- In Death series: Eve Dallas is one of the best cops there is. She has broken a lot of rules and laws to achieve actual justice. While it seems that her superiors don't know about the methods she uses to achieve results, there are indications that they know she is working around the law, but as long as she succeeds, they have no problem with that.
- Vorkosigan Saga: Miles Vorkosigan manages this often in his career in ImpSec. Miles has a...problem with following orders, and those above constantly complain about his "excessive initiative" or curse him by wishing he one day commands someone "just like him". This trope is probably most notable in The Vor Game. Miles is sent to a deadend position for just 6 months to prove he can follow orders, he comes home in 3 months with a charge of treason but is forgiven because his refusal to keep his head down managed to prevent a crazy near-homicidal commanding officer from allowing a group of techs that refused to obey his orders (to pointlessly risk themselves cleaning up a toxic spill) from freezing to death. He is put under the one man who could possible deal with him and sent on a simple intelligence gathering mission, by the end of which he manages to have 3 separate 'superior officers' locked in the brig so he can go about leading a mercenary troop to defend a wormhole from an enemy invasion which no one ever asked him to do. But since he did manage to save everyone he ends up with a promotion and his dream job of playing admiral for said military fleet.
- Harry Dresden of The Dresden Files is able to get away with some Black Magic in Dead Beat through a combination of Loophole Abuse, necessity, and the fact that reanimating a Tyrannosaurus rex was so unspeakably awesome that even some of the Wardens were impressed.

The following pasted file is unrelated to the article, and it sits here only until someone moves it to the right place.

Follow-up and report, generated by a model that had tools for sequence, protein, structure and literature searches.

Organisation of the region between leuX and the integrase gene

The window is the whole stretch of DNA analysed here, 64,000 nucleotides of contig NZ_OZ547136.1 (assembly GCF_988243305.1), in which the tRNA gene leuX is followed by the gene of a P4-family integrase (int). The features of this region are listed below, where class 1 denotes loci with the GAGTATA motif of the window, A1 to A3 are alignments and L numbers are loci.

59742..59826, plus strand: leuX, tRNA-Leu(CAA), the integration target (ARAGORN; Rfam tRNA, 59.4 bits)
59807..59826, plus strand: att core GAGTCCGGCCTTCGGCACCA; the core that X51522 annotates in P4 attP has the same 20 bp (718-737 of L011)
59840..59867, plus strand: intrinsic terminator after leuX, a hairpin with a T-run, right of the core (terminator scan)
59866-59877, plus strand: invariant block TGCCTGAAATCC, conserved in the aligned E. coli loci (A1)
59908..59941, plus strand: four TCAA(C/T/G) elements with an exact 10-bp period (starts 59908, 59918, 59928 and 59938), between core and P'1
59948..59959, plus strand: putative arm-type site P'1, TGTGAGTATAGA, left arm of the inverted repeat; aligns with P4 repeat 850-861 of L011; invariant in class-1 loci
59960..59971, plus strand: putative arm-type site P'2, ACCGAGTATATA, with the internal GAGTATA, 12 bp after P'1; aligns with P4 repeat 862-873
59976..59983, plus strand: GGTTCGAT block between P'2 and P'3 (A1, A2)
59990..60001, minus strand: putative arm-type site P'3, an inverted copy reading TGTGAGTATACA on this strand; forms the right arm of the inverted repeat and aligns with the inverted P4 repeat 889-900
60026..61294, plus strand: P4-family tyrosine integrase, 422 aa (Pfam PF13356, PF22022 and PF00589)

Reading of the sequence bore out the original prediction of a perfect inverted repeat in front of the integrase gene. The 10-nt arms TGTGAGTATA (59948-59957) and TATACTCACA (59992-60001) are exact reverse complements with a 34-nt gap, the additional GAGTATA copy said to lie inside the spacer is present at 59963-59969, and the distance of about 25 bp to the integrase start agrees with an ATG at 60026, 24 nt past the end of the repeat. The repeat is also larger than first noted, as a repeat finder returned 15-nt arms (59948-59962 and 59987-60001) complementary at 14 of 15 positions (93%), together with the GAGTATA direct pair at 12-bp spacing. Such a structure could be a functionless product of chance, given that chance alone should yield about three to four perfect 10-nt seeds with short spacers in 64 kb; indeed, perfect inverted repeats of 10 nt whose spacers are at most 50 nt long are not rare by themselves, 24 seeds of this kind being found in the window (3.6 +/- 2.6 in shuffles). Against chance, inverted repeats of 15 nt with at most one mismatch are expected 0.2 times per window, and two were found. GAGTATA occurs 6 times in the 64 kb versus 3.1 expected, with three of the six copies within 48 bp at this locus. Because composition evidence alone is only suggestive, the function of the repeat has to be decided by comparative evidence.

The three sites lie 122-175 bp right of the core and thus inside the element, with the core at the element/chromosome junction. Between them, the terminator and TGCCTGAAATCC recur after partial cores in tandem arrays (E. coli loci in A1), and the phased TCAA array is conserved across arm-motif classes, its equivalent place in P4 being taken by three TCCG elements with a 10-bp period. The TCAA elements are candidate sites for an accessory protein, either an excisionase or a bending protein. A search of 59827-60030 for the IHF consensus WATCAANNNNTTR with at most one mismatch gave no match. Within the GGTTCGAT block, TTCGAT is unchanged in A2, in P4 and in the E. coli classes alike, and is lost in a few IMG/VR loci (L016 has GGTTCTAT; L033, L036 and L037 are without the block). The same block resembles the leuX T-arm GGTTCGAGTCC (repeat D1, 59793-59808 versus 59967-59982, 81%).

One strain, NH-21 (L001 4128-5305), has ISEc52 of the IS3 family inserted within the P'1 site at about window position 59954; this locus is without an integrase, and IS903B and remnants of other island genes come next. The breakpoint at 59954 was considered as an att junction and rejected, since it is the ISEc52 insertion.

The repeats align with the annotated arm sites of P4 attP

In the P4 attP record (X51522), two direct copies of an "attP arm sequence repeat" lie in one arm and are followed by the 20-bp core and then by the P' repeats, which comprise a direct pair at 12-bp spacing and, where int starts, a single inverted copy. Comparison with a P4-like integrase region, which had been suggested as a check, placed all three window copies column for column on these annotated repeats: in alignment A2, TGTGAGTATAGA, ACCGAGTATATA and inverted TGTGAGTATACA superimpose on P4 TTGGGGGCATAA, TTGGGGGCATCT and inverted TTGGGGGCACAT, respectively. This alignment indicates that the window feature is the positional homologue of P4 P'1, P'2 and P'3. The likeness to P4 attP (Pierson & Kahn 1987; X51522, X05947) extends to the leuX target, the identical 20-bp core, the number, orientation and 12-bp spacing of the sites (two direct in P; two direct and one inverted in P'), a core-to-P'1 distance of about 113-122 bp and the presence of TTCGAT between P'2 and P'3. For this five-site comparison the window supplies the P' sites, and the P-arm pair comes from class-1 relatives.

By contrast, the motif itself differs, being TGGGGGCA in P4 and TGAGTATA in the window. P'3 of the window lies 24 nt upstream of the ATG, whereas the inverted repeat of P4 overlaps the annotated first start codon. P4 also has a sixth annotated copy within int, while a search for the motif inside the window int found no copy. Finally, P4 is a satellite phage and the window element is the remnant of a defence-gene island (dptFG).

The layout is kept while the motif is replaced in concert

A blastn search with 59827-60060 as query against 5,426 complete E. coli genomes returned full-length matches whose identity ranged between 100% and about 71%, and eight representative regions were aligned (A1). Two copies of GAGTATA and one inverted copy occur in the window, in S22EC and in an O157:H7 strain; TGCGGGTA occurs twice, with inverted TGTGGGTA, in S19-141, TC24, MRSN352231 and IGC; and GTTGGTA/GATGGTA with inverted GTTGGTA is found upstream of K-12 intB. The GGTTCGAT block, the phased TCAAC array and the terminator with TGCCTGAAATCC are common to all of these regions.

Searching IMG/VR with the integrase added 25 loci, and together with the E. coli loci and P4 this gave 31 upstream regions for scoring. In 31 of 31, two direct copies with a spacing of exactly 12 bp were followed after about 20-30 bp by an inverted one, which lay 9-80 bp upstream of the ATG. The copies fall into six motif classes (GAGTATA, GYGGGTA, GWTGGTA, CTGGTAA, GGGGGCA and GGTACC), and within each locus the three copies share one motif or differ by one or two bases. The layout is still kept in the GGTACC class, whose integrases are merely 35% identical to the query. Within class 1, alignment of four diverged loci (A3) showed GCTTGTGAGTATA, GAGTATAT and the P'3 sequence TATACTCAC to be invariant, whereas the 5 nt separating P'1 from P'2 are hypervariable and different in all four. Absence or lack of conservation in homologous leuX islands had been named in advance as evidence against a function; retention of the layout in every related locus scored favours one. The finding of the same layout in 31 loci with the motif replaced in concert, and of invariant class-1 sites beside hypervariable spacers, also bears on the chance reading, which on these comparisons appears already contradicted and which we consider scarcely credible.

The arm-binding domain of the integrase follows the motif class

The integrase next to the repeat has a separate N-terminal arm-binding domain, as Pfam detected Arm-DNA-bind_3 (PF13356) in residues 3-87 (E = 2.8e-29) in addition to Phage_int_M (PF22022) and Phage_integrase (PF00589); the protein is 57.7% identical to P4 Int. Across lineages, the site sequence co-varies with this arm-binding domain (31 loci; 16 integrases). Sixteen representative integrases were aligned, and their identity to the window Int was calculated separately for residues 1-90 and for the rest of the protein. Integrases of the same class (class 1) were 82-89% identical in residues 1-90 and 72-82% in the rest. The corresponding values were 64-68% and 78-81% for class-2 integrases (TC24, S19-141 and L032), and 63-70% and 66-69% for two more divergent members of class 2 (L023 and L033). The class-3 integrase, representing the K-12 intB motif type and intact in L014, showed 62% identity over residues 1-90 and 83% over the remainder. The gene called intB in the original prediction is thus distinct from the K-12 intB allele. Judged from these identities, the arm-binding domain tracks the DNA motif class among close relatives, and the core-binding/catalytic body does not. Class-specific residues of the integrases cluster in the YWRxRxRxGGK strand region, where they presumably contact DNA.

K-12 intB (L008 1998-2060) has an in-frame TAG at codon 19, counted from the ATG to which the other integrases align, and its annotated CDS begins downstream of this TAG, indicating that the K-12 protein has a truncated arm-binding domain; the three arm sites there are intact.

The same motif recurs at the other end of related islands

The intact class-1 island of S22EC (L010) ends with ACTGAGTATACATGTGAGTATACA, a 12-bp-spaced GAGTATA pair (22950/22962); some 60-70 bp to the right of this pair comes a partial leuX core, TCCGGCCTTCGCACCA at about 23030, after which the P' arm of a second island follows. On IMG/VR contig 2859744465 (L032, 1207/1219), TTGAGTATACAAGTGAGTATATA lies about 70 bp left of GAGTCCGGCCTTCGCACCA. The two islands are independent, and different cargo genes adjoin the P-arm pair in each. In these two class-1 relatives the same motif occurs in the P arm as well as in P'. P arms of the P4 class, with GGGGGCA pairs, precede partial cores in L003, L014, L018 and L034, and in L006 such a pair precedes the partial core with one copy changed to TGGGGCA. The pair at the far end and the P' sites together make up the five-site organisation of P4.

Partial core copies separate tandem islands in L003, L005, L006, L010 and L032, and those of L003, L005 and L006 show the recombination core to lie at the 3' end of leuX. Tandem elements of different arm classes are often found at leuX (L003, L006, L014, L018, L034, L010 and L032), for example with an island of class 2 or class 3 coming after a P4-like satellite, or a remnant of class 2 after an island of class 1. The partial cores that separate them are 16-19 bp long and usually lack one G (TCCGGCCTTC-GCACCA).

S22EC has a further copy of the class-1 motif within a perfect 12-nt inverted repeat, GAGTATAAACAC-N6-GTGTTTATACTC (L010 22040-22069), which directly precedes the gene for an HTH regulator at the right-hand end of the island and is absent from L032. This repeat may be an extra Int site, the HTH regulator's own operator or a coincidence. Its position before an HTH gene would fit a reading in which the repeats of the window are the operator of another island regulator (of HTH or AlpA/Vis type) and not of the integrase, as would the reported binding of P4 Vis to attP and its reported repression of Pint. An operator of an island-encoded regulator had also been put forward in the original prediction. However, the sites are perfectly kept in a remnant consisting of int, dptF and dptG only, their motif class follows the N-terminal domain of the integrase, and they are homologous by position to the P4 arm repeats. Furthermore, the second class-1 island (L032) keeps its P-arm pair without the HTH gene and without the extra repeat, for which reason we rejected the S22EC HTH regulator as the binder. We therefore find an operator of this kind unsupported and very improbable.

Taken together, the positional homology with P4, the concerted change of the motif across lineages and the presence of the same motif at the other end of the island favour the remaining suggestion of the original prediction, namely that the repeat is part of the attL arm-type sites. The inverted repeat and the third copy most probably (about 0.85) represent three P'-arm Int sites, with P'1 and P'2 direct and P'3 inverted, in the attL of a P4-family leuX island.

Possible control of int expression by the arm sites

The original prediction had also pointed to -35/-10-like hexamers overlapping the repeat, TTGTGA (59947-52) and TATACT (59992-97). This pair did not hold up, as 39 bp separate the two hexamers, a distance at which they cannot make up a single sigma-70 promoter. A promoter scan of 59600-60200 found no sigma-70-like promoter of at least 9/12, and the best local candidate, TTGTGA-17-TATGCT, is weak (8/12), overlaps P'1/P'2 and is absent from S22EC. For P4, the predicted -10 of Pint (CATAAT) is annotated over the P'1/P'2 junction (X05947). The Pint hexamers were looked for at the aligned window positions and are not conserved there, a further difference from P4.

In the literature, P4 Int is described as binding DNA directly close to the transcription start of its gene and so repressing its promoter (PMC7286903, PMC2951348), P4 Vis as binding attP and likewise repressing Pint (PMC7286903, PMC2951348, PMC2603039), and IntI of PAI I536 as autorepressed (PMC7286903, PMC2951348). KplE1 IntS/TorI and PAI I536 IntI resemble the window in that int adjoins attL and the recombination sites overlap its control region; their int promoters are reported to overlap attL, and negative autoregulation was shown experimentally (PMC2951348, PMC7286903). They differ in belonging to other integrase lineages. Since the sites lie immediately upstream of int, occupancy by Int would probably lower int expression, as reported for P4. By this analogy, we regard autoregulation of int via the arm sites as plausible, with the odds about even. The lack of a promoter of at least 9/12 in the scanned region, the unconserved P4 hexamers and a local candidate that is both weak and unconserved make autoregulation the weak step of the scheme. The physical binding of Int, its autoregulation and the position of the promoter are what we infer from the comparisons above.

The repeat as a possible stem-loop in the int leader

- They needed the firepower. As he'd pointed out, the Wardens had already drafted him. Harry Dresden is one of the best examples of a cowboy PI in literature, and doesn't play well with rules or authority.
- Some of the Summer Court's best hitmen have let him get away on the basis of personal respect and Loophole Abuse.
- Unfortunately, Murphy repeatedly gets none of this.
- Tavi of Jim Butcher's Codex Alera does this several times a book. Once, he wrote his own pardons.
- Almost everyone in the Tortall Universe does this.
- Alanna kick-starts off the tradition by disguising her gender to become a knight in Song of the Lioness. By the time it's revealed she's a girl, she runs off to avoid the political implications, although she gets a pardon for exposing Roger's trechery. Then she retrieves the Dominion Jewel and stops the Big Bad, so instead of getting kicked out or killed, she actually becomes the realm's top knight by invoking Vetinari Job Security.
- Daine in the The Immortals wrecks a foreign ruler's entire palace and his army using her gods-given powers to reanimate the dinosaurs in the museum (and before you cry foul, this book was written before The Dresden Files) and essentially destroys his seat of power. Okay, she gets away with this more because the ruler had been a horrible one and the gods themselves were going to destroy his land if he wasn't replaced, but seriously, would you really want to mess with her?
- Wyldon of Cavall actually invokes this trope with Kel in Protector of the Small He knows that she's too much of a Mama Bear to leave her people to their fates, so he deliberately orders her not to go so she won't have to wait for authorization. Then, when she kills the man responsible for the killing machines, she gets commended rather than killed for desertion.
Live Action TV
- The Badass Crew of Stargate SG-1 always tended to bend the rules a little (their leader is a Colonel Badass, after all), but in the season one finale they outright disobey Congress and launch an unauthorized mission right after the Gate has been ordered buried. The fact that they save Earth from an invasion is what keeps them from being spending the rest of their lives in Ft. Leavenworth.
- Lt. Cmdr. Data in Star Trek: The Next Generation outright disobeys Capt. Picard (on a hunch, no less) and refuses to regroup with the fleet. He also manages to not only catch the disguised Romulan ships but also owns them magnificently, putting an end to their incursion. Picard smilingly tells Data afterward that rather than court-martial him, he's actually issuing him a commendation. This one isn't quite a straight example, however; Data was in command of another starship at the time, and The Captain of a ship has a measure of leeway with orders from on high.
- The Nitpicker's Guide observes that this was unnecessarily dramatic anyway: Data had only to say, "Please stand by, Captain, I may have another solution."